An additional protective layer may be applied to the top electrode 18 to provide environmental and mechanical protection, e.g., barrier layers such as SiOx (x>1), Teflon, and alternating inorganic/polymeric layers, including parylene, are known in the art. For example, a plurality of layers of Al2O3 may be coated over the electrode 18 to provide a hermetic seal and may also provide useful optical properties to the electrode 18.

If coated over the light-emitting areas, the spacer element particles 24 may also scatter light as do the light-scattering element particles 22. Such light scattering by both element particles may have advantages in extracting light from the OLED by reducing the amount of light that is waveguided in the organic layers 16 and electrodes 18 and 14, if they are partially transparent. To enhance the scattering and light extraction effect, the spacer element particles 24 and the light-scattering element particles 22 may have a refractive index greater than the refractive index of any component of the OLED, and the gap 32 has a refractive index lower than the refractive index of any component of the OLED.

Materials of the light-scattering element particles 22 and the spacer element particles 24 can include organic materials (for example polymers or electrically conductive polymers) or inorganic materials. The organic materials may include, e.g., one or more of polythiophene, PEDOT, PET, or PEN. The inorganic materials may include, e.g., one or more of SiOx (x>1), SiNx (x>1), Si3N4, TiO2, MgO, ZnO, Al2O3, SnO2, In2O3, MgF2, Al2O3 and CaF2.

Spacer element particles 24 and light-scattering element particles 22 may be coated as a dispersion in a liquid, for example polymer having a dispersion of titanium dioxide. The element particles may be deposited using a variety of known techniques, for example they may be sprayed on, deposited using inkjet techniques, or spin- or curtain-coated. The element particles may be deposited directly onto an OLED stack, for example onto an electrode, or may be deposited on a protective layer formed on an OLED, for example over a coating of parylene or aluminum oxide formed over an OLED electrode.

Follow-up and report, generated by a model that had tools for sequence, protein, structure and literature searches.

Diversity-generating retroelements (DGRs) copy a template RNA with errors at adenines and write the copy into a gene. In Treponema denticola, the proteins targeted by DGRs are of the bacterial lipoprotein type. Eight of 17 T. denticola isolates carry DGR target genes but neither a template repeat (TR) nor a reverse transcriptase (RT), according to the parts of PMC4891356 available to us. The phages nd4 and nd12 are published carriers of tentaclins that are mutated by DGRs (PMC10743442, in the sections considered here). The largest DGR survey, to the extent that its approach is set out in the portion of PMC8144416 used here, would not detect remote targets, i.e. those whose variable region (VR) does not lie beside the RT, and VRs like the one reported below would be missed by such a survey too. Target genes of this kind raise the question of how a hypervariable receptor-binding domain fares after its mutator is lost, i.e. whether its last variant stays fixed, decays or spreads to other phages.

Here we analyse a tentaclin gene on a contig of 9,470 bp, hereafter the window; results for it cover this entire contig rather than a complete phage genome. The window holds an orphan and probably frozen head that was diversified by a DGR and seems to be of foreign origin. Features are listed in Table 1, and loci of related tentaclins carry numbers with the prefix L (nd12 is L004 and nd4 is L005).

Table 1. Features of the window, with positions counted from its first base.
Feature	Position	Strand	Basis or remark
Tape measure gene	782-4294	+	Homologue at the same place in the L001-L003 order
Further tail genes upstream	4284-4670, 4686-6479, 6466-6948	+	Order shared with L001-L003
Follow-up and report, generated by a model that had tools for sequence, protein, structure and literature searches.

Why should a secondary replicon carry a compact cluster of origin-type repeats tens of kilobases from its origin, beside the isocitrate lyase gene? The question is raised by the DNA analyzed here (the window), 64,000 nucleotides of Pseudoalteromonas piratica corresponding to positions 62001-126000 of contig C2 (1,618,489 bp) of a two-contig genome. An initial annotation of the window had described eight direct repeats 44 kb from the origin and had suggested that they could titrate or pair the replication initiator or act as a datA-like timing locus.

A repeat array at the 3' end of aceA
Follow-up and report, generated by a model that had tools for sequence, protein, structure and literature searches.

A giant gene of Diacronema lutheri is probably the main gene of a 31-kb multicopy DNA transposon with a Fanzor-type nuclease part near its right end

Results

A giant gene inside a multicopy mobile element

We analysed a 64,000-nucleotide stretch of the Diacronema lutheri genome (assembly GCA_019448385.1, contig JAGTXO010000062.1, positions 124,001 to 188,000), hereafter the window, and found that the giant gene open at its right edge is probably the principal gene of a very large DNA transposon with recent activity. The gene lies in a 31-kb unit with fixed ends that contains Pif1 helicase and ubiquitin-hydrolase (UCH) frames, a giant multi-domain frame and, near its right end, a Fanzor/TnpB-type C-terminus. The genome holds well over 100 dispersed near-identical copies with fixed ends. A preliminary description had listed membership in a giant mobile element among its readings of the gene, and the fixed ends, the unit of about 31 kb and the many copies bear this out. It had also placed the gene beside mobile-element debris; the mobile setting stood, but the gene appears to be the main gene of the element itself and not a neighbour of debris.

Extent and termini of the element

The present invention is preferred over the prior art because the number of interlayer reflections that the light encounters and the distance that scattered light travels in the encapsulating cover 12 are reduced. Referring to FIG. 5, after light rays 6 are scattered into an angle that allows it to escape from the organic layers 16 and transparent second electrode 18, it enters the transparent gap 32 (for example, air) having a lower index of refraction than both the transparent electrode 18 and the encapsulating cover 12. Therefore, when the scattered light encounters the encapsulating cover 12, it will pass through the encapsulating cover 12 and be re-emitted on the other side, since light passing from a low-index medium into a higher-index medium cannot experience total internal reflection. Hence, the light will not experience the losses due to repeated transmission through the encapsulating cover 12 or demonstrate the lack of sharpness that results from light being emitted from the organic layers 16 at one point and emitted from the encapsulating cover 12 at a distant point, as illustrated in FIGS. 7 and 8. To facilitate this effect, the transparent relatively low-index gap should not scatter light, and should be as transparent as possible. The transparent gap preferably is at least one micron thick to ensure that emitted light properly propagates there through, and is transmitted through the encapsulating cover 12. FIG. 5 also illustrates locating spacer element particles 24 between light-emitting areas of the device.

Most OLED devices are sensitive to moisture or oxygen, or both, so they are commonly sealed in an inert atmosphere such as nitrogen or argon, along with a moisture-absorbing desiccant such as alumina, bauxite, calcium sulfate, clays, silica gel, zeolites, barium oxide, alkaline metal oxides, alkaline earth metal oxides, sulfates, or metal halides and perchlorates. The spacer element particles 24 and light-scattering element particles 22 may have desiccating properties and may include one or more desiccant materials.